It is not this white reviewer’s place to decide who is or isn’t a role model for leaders in the anti-racist struggle, but Greenidge certainly presents a William Monroe Trotter who deserves to stand with the greats. Greenidge’s decision to ground this biography in the concerns of the present helps get this impression over to the reader. It also leads to some anachronisms and confusing unanswered questions in parts of the text. Two examples will suffice.
Greenidge cites Trotter’s involvement in the “negrowump” movement as a young man as an early sign of his political independence. Black voters largely supported the Republican Party in the aftermath of the Civil War. The “mugwumps” were a reform movement within the Republican Party, led by figures such as Horace Greeley and Carl Schurz. They railed against the corruption of professional politicians and called for civil service reform, and called for political independence—the threat of bolting to the Democrats or running third-party or “fusion” tickets—as a way to achieve their goals. It makes sense why Black voters frustrated by mainstream Republicans taking their votes for granted might look with favor on the mugwumps. One problem: The mugwumps were even less enthusiastic for civil rights than the mainstream Republicans, calling for an end to the federal intervention that sustained multiracial democratic governance in the Reconstruction-era South. How did the “negrowumps” like Trotter square this circle? The reader of Black Radical doesn’t find out. They get just enough context—enough of the sort of patronizing mainstream Republican attitudes that rankle contemporary sensibilities so—to take on board the impression that Trotter was an independent political actor, and no more on this question.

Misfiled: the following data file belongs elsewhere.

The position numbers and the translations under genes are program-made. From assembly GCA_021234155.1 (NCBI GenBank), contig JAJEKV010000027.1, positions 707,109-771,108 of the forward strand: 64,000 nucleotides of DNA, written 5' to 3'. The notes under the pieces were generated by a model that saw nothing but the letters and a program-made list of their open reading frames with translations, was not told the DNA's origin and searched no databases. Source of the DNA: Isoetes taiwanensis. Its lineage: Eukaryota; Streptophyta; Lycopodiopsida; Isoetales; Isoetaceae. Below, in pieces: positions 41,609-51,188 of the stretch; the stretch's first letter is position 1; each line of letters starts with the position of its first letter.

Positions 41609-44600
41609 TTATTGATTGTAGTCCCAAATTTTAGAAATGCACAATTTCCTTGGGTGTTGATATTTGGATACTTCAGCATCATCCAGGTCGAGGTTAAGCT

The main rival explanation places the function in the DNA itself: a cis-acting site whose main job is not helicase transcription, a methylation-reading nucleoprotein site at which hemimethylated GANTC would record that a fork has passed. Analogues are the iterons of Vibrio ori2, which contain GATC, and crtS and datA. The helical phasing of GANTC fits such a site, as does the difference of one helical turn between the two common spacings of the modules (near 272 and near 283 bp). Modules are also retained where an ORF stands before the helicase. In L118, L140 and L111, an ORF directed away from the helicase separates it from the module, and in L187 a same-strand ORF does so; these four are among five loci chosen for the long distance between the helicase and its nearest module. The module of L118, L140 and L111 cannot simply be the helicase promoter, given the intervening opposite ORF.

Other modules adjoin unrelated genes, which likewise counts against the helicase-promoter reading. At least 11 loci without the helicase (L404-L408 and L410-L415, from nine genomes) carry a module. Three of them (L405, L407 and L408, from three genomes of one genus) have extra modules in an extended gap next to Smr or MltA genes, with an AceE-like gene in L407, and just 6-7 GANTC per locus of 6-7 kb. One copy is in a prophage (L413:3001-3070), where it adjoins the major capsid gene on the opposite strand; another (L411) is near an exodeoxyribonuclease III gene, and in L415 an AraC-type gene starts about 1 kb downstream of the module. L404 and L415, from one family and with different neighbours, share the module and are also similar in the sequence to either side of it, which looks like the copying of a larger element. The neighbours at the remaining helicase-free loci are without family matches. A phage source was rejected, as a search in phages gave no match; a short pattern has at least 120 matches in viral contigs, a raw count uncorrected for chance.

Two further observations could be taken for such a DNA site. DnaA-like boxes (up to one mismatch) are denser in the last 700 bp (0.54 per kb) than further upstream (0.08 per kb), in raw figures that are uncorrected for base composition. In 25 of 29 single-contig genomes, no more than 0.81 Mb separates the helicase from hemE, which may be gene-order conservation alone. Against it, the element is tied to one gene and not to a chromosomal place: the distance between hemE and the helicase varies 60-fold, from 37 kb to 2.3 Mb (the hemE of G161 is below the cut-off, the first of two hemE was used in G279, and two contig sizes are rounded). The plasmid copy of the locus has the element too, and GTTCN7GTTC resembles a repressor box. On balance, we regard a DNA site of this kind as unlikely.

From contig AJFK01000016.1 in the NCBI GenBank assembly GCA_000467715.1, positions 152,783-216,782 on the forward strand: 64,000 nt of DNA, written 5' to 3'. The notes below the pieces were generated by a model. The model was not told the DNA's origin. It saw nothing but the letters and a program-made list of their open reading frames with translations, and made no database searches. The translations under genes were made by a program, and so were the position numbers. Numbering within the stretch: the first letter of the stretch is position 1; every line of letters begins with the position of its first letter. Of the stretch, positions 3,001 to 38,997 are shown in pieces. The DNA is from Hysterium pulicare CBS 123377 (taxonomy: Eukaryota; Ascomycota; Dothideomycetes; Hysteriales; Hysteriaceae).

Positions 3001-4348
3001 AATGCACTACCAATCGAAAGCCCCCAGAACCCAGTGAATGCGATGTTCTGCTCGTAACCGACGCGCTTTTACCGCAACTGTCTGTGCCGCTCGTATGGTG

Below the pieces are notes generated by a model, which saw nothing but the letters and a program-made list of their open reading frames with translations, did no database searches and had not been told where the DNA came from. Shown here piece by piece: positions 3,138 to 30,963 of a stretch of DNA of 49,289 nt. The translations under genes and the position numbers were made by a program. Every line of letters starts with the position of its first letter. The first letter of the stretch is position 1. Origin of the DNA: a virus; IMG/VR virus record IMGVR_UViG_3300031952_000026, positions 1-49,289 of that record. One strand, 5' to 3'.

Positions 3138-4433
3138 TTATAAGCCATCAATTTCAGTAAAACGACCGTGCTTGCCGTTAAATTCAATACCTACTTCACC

There’s also the matter of what we mean we say “progressive.” Greenidge makes much of Trotter’s stormy relationships with white “progressives,” with many a nod toward the ever-disappointing persistence of faulty attitudes and fecklessness among the “white progressives” of today. By the time Theodore Roosevelt was president, Trotter was a Democrat and firmly opposed to TR’s favorite (and only, and highly intermittent) Black advisor, Booker Washington. Trotter backed Democratic progressive Woodrow Wilson, but came away bitterly disappointed with the president who resegregated the federal bureaucracy, telling Wilson as much to his face. To what extent do progressives of the early 20th century map on to “progressives” of our time? Greenidge lets the similarity in terminology do a lot of the work for her. That progressives of the two periods are similar or have a genealogical relationship is a valid (though not necessarily correct) argument to make—but it has to be made. It’s not a given, with all of the differences of both content and context across the century separating Trotter’s time from ours. Greenidge doesn’t make the argument here. She scores her contemporary points—“dunks on” white progressives, to use social media terminology—and moves on.
None of this is to suggest that the “negrowumps” were in the wrong, or that white progressives—then or now—don’t deserve to be dunked on. What these points illustrate is the trade-off Greenidge makes in framing Trotter’s life through the frameworks of contemporary anti-racist thinking and practice as systematically as she does in Black Radical. Greenidge’s Trotter is eminently usable, a repository of examples of how to (and sometimes how not to) be a courageous anti-racist agitator and organizer. How much does this usability interfere with a fully fleshed-out picture of the man and his times? Ultimately, the reader’s answer to that question will likely depend on why they picked up Black Radical. Perhaps a readership of contemporary activists might see an overly zealous attachment to the contexts of the past as defensiveness towards the past’s failings, the kind of attitude spouted by defenders of indefensible statues. Balancing contemporary relevance with attentiveness to the infinite complexities of the past is difficult, and Greenidge is hardly alone in this struggle. As it stands, the balance Greenidge strikes provides interesting insight into the long history of the Black freedom struggle in Boston.